The Führer Must Die
Hitler had the luck of the Devil. On November 8, 1939, the anniversary of the Beer Hall Putsch, a bomb exploded in the Bürgerbräukeller Hall, where Hitler made his annual speech commemorating the occasion. Much of the building collapsed, people died – and Hitler was unharmed, because he’d left early. The bomb had been set by Georg Elser, who was quickly caught (he’d managed to fail at walking across an almost unguarded portion of the German/Swiss border). And then the fun began, because while this wasn’t the first or the only attempt on Hitler’s life, it was, from the Nazi point of view, the most embarrassing one. For the would-be assassin, Georg Elser, was a German worker – and the Führer had the total support of every German worker. Party line: it’s impossible for a German worker to want to kill the Führer. None of the security services wants to touch this career-killing, life-ending case. Not the SS, not the SD, not the Gestapo. So the mess gets tossed into the lap of the police, who don’t want it either. During intense interrogation and endless interviews, the police desperately try to drag an international conspiracy out of Georg, and Georg tells them everything. Everything. There’s rarely been a more exasperatingly stultifying confession.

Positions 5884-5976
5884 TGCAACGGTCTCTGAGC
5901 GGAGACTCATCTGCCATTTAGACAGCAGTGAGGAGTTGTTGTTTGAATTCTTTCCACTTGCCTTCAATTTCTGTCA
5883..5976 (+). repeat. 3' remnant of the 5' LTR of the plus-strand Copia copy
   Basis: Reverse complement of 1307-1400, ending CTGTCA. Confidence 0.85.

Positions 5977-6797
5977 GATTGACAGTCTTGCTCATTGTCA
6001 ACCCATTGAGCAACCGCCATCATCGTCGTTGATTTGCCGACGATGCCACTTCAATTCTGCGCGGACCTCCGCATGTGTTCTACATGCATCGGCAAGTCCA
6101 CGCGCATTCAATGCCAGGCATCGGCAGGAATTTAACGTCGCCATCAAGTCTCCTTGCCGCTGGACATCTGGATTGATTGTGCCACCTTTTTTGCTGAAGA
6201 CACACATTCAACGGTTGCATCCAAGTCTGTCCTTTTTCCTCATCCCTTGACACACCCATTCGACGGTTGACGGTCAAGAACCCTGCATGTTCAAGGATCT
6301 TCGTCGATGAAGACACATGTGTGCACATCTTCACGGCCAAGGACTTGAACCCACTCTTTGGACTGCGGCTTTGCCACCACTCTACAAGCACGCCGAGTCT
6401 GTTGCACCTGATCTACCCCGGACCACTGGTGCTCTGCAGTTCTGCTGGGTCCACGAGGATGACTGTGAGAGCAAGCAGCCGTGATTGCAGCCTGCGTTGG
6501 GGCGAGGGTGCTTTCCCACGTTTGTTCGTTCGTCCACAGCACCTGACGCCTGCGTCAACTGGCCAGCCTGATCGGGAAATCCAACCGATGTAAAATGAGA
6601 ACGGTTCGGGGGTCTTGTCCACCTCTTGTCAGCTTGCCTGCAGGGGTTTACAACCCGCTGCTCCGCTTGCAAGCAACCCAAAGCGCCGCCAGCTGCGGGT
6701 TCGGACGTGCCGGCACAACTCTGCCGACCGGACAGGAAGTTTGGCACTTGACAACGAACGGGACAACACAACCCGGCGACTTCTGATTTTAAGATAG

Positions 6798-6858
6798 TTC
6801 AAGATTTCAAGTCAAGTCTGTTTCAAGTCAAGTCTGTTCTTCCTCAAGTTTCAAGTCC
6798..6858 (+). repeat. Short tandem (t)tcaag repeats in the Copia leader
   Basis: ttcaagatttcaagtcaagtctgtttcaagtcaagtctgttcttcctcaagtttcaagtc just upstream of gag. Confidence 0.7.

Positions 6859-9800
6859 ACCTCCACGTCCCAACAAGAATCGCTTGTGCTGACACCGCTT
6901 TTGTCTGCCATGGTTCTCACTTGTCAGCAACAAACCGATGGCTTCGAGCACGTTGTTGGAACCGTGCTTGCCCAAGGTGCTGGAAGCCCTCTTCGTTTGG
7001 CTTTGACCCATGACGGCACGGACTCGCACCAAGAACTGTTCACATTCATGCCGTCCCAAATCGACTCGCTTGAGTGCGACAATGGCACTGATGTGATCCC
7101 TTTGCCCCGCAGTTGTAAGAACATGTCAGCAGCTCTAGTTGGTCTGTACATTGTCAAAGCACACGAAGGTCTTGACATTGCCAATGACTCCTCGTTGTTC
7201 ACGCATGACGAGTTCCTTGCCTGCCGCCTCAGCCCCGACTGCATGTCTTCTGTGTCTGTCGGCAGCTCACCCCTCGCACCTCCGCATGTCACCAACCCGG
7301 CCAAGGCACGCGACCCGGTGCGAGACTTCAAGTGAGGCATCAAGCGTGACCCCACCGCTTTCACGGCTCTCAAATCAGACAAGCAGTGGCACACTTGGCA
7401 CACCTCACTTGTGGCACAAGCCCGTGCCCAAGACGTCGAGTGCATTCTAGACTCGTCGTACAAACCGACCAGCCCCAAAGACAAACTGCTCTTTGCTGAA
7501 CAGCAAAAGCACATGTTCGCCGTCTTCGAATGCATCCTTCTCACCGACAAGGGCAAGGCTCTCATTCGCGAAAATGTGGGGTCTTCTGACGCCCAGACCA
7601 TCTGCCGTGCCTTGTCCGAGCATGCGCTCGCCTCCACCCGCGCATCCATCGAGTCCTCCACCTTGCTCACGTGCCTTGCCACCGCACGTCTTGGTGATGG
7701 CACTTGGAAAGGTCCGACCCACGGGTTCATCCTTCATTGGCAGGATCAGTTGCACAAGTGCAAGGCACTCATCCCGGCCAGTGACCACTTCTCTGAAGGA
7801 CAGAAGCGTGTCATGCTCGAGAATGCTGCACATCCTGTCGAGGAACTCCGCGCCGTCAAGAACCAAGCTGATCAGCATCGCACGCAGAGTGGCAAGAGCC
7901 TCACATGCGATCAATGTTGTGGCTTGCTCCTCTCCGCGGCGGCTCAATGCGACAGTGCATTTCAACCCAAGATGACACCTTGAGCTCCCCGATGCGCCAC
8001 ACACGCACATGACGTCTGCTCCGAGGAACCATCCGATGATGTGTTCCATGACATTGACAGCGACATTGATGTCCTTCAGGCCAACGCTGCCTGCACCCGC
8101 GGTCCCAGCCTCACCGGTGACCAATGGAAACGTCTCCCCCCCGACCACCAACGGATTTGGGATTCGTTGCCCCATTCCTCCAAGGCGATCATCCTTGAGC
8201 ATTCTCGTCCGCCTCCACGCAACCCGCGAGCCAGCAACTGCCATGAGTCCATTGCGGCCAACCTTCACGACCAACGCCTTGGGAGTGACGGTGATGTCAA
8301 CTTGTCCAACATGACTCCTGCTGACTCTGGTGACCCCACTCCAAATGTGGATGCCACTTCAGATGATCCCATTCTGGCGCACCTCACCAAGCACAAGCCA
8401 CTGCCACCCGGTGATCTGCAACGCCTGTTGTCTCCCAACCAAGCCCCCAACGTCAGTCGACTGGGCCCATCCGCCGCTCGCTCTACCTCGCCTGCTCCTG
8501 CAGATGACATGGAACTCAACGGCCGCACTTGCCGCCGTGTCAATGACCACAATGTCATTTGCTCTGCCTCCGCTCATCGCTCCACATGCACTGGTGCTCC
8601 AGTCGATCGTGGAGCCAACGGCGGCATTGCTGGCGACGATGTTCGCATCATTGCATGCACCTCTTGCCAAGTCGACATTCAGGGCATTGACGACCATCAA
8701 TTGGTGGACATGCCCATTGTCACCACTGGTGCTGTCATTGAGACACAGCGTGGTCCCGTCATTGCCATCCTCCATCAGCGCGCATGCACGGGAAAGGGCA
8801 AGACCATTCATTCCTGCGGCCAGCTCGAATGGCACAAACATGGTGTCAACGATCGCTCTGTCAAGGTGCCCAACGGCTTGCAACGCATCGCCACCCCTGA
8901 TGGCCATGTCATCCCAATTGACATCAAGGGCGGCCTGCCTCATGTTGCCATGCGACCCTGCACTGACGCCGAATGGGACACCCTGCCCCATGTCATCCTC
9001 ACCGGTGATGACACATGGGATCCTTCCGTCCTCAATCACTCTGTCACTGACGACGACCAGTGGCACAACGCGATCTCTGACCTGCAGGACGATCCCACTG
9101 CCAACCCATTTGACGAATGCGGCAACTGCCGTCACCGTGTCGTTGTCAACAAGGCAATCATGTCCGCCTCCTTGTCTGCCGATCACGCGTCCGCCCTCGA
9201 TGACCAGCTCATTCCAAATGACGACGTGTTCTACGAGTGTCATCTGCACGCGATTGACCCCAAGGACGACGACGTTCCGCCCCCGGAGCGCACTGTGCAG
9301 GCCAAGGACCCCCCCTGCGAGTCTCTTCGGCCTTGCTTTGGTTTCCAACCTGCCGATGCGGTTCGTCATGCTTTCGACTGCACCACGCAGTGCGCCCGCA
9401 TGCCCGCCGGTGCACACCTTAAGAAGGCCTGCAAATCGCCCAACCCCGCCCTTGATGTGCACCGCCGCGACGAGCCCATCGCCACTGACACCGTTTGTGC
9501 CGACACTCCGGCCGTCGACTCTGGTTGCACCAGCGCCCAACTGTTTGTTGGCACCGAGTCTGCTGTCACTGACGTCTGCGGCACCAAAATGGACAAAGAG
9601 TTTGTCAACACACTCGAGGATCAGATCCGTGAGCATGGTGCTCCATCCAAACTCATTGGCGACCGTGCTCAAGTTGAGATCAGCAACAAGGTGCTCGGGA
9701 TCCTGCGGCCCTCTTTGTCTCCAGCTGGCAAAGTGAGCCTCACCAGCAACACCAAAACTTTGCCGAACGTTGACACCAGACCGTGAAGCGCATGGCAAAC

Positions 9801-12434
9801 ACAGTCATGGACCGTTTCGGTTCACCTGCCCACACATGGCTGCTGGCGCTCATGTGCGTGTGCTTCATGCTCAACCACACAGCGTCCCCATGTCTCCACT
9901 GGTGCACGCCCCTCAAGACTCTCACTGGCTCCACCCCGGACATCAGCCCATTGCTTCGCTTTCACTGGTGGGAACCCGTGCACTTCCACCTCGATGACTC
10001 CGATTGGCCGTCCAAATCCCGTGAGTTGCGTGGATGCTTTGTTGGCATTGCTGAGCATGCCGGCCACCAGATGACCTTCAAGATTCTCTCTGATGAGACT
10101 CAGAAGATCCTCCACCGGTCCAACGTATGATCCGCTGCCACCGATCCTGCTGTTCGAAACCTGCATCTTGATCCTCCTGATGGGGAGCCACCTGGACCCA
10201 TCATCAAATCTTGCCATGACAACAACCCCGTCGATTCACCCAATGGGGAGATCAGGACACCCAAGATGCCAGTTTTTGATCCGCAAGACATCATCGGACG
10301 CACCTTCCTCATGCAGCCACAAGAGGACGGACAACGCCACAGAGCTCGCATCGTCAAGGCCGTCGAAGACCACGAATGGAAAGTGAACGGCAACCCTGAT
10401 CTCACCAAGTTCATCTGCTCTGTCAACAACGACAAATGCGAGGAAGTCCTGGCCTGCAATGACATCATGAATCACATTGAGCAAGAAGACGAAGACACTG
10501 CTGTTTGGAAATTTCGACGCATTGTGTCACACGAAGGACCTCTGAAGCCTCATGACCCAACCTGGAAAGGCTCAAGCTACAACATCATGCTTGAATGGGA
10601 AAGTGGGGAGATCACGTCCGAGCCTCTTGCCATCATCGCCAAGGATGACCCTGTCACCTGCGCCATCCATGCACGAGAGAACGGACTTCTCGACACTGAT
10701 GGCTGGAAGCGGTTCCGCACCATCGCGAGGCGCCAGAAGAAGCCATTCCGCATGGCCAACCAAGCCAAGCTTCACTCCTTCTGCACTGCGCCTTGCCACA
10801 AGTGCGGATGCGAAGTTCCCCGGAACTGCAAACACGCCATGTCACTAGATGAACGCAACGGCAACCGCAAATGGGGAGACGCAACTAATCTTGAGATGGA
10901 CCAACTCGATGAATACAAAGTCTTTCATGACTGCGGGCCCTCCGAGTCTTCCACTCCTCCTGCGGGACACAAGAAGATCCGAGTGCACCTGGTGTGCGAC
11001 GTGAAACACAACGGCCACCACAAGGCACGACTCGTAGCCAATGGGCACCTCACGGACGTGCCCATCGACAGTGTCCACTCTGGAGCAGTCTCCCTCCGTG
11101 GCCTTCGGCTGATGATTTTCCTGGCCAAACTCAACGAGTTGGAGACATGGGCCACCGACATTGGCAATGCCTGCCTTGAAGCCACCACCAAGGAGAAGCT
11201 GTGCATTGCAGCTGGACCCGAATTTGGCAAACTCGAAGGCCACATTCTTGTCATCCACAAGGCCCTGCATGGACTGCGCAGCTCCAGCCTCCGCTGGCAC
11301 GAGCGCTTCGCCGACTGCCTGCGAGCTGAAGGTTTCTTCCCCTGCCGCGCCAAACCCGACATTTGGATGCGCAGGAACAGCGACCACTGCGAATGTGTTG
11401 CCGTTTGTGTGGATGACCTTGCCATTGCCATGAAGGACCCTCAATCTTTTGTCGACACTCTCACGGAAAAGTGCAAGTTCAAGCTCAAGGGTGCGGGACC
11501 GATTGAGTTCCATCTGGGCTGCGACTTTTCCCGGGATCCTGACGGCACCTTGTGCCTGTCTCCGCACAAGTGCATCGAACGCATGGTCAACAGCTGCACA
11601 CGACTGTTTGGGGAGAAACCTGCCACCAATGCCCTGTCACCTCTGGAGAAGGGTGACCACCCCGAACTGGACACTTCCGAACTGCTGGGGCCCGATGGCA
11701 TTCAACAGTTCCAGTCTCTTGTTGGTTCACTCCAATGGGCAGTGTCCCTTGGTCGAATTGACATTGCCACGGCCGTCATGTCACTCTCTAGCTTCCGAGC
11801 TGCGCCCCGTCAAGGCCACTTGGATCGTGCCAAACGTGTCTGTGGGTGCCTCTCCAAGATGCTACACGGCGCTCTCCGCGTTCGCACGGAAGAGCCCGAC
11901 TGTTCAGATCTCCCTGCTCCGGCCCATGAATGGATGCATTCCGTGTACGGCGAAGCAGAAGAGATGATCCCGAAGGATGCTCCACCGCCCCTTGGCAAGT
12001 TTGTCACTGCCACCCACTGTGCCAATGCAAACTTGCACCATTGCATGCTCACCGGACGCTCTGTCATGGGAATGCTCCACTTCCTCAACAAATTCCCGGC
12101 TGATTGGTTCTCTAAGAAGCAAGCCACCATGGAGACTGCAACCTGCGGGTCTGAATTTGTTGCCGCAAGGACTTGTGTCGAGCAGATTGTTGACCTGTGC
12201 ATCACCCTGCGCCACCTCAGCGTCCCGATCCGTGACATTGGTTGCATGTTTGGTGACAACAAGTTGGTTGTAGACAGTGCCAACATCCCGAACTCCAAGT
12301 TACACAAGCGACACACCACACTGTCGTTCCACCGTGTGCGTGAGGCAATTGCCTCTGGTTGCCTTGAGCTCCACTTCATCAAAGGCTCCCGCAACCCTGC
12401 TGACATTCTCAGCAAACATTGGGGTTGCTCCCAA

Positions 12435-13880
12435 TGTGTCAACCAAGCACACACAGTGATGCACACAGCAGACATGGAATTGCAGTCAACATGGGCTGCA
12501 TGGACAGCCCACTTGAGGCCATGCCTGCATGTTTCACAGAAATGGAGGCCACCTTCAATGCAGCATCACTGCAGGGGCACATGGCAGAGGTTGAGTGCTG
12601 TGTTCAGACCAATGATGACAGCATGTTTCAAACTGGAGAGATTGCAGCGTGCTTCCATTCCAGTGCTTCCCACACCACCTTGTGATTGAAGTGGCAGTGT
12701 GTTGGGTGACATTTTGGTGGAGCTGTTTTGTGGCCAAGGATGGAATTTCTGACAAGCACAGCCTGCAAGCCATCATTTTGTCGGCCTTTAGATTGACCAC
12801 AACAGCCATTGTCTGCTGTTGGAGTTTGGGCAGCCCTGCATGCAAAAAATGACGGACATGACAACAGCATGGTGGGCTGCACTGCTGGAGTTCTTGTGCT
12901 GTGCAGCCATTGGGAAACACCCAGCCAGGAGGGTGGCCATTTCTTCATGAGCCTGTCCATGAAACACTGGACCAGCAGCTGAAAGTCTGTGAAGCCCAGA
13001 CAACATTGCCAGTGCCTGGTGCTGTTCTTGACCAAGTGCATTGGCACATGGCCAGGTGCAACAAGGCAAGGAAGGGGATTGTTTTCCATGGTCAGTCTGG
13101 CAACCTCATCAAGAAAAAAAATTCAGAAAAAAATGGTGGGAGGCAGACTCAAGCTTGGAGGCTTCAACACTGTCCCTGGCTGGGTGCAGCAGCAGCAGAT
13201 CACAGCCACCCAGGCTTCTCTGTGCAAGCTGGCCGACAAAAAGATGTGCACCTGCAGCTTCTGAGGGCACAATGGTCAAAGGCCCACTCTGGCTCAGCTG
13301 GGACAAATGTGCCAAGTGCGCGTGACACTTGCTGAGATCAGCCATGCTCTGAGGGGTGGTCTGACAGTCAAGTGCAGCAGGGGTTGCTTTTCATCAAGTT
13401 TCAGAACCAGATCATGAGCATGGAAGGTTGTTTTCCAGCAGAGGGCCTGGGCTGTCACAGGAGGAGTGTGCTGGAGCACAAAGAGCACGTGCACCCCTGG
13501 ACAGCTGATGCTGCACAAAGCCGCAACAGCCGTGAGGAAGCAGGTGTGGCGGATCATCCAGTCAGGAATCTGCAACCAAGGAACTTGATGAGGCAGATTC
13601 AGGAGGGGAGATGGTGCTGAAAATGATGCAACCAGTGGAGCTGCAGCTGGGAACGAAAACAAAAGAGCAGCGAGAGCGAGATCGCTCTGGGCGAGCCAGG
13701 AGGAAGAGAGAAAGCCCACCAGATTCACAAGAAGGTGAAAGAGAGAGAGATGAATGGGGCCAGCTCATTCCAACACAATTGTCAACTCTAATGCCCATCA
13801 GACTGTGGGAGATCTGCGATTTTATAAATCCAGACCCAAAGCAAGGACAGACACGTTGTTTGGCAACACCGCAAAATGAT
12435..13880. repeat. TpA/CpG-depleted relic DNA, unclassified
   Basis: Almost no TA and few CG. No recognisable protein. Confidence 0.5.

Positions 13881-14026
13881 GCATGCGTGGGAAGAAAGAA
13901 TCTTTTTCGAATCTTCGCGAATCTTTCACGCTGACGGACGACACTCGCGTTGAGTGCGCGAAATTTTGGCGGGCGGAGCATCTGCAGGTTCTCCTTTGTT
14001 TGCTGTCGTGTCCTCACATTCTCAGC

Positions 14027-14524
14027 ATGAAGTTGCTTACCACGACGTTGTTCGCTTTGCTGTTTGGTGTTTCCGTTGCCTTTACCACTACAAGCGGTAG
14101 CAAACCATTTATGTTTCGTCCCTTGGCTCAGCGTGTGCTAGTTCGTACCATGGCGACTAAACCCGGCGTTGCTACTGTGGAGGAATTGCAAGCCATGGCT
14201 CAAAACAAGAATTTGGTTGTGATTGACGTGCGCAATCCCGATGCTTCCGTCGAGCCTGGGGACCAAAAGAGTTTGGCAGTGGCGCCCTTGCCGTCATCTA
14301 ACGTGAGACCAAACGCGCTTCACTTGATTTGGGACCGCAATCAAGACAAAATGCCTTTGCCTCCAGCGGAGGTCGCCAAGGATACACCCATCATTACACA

Yet the author pulls off the hat trick of making the novel engrossing yet as mind-numbing as the policemen find the whole “confession.” The book is detail-laden, fascinating, and sometimes oddly funny. It’s marred by a few clangers, such as the mention of Christopher Lee to evoke a horror-film mood. And the book ends so abruptly I thought I was missing pages. This is a weirdly compelling book.